Why Graphic Novels?

In the past few years the production of graphic novels has become increasingly more popular and the format is starting to infiltrate the bestseller lists on a regular basis. One of the main reasons for this is that children love them. However, lots of children don’t know anything about them because they either don’t have access or they are told they aren’t proper books and that they aren’t allowed to read them. Thankfully this attitude is starting to change but it is a slow process.

Several years ago I noticed that quite a few children were coming up to my class without any enjoyment of reading, they couldn’t find anything that hooked them in. It wasn’t because they were reluctant or lazy, it was because they had only had one type of book promoted to them. It was novels or nothing. I took it upon myself to try and change this and quickly noticed that a lot of the children who were struggling to engage enjoyed the two graphic novels I possessed. When speaking to them it became clear that they wanted more books like this, the imagery supporting the text was a big factor but also opening a book and not being assaulted by an onslaught of text was much more enticing for them.

 As a result of this I started to heavily invest in the graphic novels and these children developed a much more positive relationship with reading and started to devour a range of books. This then progressed onto exploring how I could use them to help develop their English skills and incorporate them into my teaching.

The benefits of reading graphic novels

This is a simple answer, the benefits are exactly the same as reading any other type of text. Readers can read a vast array of vocabulary, encounter heart warming stories that help to develop empathy and quite simply provide enjoyable reading experiences. Yes, the way you read the text is different and in some places more difficult but the rewards are the same yet so many people treat them like inferior reading material. Having pictures or images doesn’t make the experience any less rewarding and in the case of readers who struggle with confidence or engagement they can provide a safety net that helps them develop a love of reading or improve their understanding.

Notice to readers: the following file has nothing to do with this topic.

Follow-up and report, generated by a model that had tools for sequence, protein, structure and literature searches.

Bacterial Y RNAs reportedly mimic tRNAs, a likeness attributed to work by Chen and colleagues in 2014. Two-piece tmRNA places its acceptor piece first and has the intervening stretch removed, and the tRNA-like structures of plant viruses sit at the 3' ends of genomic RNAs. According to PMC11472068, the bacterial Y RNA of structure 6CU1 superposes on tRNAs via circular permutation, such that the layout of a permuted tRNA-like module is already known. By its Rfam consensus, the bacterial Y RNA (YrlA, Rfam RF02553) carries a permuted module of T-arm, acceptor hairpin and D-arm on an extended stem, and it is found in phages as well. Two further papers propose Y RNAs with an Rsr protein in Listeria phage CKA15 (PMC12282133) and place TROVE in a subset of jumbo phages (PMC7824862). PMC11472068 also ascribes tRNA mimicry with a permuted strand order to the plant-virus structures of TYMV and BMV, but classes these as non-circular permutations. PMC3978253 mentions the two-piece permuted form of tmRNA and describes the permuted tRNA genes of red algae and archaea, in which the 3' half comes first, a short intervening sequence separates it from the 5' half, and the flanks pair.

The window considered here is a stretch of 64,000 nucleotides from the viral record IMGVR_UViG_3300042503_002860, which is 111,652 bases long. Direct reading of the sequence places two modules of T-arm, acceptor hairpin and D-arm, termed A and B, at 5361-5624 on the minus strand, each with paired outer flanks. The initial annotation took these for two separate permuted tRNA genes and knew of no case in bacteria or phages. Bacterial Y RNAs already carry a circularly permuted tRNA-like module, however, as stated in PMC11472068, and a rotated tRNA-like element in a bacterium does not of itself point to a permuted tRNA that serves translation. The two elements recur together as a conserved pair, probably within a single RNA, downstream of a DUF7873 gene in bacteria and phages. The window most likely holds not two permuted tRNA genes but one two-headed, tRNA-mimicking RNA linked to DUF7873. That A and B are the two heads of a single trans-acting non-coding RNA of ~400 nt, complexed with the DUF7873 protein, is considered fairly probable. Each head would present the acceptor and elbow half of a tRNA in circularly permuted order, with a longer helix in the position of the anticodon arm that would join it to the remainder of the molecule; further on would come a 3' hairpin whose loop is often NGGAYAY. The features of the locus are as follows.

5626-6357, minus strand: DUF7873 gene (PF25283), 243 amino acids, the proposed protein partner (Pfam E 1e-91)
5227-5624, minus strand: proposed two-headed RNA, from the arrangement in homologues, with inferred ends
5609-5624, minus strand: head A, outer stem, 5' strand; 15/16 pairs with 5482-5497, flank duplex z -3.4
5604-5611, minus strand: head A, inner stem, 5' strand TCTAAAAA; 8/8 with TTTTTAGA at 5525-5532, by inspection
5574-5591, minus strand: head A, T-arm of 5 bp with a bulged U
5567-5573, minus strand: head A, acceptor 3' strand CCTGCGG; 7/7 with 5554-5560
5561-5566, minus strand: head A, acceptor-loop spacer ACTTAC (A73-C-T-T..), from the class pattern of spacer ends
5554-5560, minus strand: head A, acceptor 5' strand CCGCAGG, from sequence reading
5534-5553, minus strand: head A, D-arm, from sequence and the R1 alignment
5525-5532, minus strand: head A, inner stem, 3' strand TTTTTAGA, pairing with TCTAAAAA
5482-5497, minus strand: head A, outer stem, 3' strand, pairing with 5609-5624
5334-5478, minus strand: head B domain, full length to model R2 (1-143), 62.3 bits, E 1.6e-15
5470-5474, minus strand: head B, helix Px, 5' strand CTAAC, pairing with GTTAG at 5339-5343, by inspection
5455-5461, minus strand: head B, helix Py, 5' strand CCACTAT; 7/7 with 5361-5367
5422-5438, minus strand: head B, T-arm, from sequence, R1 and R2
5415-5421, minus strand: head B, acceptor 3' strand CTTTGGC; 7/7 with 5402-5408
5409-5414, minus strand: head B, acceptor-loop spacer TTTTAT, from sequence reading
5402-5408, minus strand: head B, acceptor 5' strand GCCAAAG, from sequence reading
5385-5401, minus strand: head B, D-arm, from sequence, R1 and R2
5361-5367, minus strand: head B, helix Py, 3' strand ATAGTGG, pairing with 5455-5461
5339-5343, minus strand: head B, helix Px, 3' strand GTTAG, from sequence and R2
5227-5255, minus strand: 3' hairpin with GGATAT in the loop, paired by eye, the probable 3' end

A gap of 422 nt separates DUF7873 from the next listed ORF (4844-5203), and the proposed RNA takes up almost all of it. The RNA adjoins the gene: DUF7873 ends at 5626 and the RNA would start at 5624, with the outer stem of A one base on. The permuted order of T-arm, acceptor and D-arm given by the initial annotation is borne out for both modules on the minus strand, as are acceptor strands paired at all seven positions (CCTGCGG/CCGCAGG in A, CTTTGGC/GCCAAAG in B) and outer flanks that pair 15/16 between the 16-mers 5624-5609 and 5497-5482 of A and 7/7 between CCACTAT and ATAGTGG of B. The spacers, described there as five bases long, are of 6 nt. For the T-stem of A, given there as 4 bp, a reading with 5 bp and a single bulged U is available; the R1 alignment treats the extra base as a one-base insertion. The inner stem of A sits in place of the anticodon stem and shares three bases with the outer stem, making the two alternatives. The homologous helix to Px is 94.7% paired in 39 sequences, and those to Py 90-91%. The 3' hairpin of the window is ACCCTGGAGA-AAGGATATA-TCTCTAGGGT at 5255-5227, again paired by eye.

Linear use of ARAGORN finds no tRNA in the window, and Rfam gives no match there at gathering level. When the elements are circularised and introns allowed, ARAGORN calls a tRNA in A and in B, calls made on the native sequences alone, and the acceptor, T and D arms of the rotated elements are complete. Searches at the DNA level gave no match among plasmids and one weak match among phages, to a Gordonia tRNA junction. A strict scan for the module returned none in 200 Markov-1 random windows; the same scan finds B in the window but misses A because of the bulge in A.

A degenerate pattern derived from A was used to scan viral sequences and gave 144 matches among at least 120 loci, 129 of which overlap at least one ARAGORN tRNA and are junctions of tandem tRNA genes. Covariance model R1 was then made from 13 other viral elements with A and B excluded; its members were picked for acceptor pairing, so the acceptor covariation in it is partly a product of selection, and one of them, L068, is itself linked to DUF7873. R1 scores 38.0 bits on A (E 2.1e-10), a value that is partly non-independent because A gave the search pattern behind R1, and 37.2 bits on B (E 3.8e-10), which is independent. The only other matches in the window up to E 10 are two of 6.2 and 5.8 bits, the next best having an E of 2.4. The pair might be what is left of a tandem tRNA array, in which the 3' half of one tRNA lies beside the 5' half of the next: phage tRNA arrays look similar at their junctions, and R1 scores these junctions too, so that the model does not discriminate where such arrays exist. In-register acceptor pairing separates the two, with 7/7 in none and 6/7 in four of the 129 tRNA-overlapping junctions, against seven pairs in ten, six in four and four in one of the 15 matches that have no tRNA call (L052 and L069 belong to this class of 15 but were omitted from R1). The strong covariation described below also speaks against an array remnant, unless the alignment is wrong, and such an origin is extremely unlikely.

How I use graphic novels in my classroom

I use graphic novels in a variety of ways and it can depend on how engaged your class is, so here are some of the main ways I incorporate them into regular classroom life. The first way is simply to give them recognition as a valued reading option, graphic novels have their own shelf in my class but at the very least they should be grouped together to show how there are lots of similar texts to explore. Valuing them on the shelf will show their importance and allow children to realise they are held in the same esteem as reading traditional novels, non fiction or poetry etc.

Secondly, I look to utilise graphic novel extracts or pages to improve work in English lessons, not just for something fun. If I am using a graphic novel then my purpose is to improve the quality of learning with it. Comprehension is a brilliant skill to use them for, photocopying a page with rich language and asking children to work out the meaning using both visual and literary clues is much more effective than showing them an outdated text and wondering why they aren’t engaging. You can also get them to analyse a page and write down all of their thoughts and questions about it, get them to explore body language, choice of vocabulary and compare it to the imagery. This will promote deep thought about what they read and what it is telling them, they can annotate these thoughts around the outside of the text and then come back together and discuss ideas as a class. While you discuss as a class, get a different colour pen and add any missed ideas, it will really make them think about everything that happens on a page.

Recently I have found converting prose into a comic has helped them to develop their use of figurative language. Taking a particular scene or favourite moment from a text and confining it to only one page means the children have to focus heavily on the impact of their language as they are restricted in regards to how much they can write. This helps to highlight the importance of metaphors and personification in particular with some of the less confident writers finding it easier to focus on the task as they know they don’t have to write pages of text.

The final way to use them I will mention here, is for PSHE lessons. Currently there are lots of graphic novels being produced about common issues that lots of children struggle with but aren’t confident enough to talk about. Guts and Smile by Raina Telgemeier are great examples of this but there are plenty of others out there including the brilliant Mr Wolfs Class series by Aron Nels Steinke who is also a teacher which means his books capture classroom life perfectly. Using extracts from books like this can lead to lots of excellent discussion, honest conversations and allow you to do excellent tasks such as writing advice for the characters or creating guides about how to deal with similar issues. Most importantly it often opens the eyes of students to how normal it is to struggle with these issues and how they aren’t alone. It empowers them immensely.

There are lots of ways comics and graphic novels can be used to develop writing and thinking skills, these are certainly not the only ones but they are some of the techniques that have worked particularly well for me in the past. You can find more ideas on my blog www.comicsinclass.school.blog or by following me on twitter @RuddickRichard